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It sure looked like the grandparents ran the show, but it was really the TV that got everyone in here.

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August in China: Chengyang Bridge

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In Guilin, I met Willy, a Spanish fella who wanted to go off the tourist loop and see some real villages. We took off after lunch and headed up to Sanjiang (where?) in hopes of getting to Chengyang Bridge before nightfall. It was not to be. The minibuses had stopped by the time we rocked up and we had to take this modified tuk-tuk. It looks a lot sturdier than it feels and of course this photo opp was only possible because of a fuel stop.

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Chengyang Bridge is one of the most famous symbols of the Dong minority group. They are famous for their skill in carpentry, particularly in building bridges and drum towers. The bridges are called fengyu qiao (wind-rain bridges) and are very elaborate structures that look like several pagodas joined together. This is the lovely sight that greeted us.

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We were lucky to arrive so late because the entrance fee was something crazy like ¥100! For obvious reasons, I wouldn’t know exactly how much it cost. We called our inn on the other side of the bridge and the lady-boss came over to get us. She instructed us not to give in if anyone demanded payment and to tell them that any receipts would be at the inn. I guess this shows that the admission fees weren’t going back to the community!

Nonethelss, the fairy lights on the bridge were magical at night. Thankfully, the lights were switched off at 11 pm so it was relatively good for the environment.

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The bridge was also pretty darn good-looking in the day time. It was charmingly rustic and weathered. It was too bad that we couldn’t walk back across the bridge for fear of having to pay the dreaded entrance fee on the way back.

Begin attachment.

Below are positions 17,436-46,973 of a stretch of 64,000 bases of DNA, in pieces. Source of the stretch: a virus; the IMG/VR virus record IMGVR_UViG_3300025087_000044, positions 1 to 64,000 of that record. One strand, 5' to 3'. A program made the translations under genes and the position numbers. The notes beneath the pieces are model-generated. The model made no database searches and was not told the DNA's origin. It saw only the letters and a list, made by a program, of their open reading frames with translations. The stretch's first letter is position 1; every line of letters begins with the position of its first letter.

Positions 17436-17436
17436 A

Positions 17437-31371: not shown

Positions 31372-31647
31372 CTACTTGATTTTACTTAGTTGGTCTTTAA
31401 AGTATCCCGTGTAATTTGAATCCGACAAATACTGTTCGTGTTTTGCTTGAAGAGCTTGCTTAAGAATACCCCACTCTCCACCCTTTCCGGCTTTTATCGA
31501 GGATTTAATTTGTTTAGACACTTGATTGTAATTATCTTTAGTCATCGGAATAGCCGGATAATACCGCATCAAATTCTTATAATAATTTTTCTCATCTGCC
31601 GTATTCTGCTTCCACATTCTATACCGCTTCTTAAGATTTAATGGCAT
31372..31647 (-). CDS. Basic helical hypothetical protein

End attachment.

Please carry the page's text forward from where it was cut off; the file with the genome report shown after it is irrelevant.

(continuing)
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Luckily, the complex of villages was on our side of the bridge and there was so much else to explore. We walked across several equally impressive bridges, none of them demanding entrance fees. However, all of them asked for a small donation in exchange for having your name carved on a stone tablet as a benefactor. Posterity for ¥10 sounded like a good deal, but since Willy had walked ahead and declined the offer, I didn’t bother and didn’t have the chance to ponder the consequences of donation and stone tablet.

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I thought this bridge was especially spectacular. It was a lot quieter and rose majestically above the fields. I guess it’s less famous for the simple reason that it was further away from the main road.

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One of the bridges led to the market and of course this was the most popular with the locals, especially the elders. It was a great place to hang out as it was breezy and there was a good view of the river. Some people played cards and dominoes while others just snoozed. What a great lifestyle choice.

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On this bridge I found a little niche housing the gods of the bridge. It was pretty old but well-tended. Cute.

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Quite serendipitously, we met this man who asked us what we were up to and invited us to his house for a cup of tea. Turned out that he was a great bridge builder who had done many projects in the big cities and even as far as Shanghai and Beijing. He showed us cut-out newspaper features on him and sheaves of architectural plans of bridges he’d drawn. He had shelves of models of bridges and drum towers all over his house. It was too bad he didn’t allow us to photograph those because he had plans to set up a museum featuring them. He was quite pleased to oblige us with a photo with him though.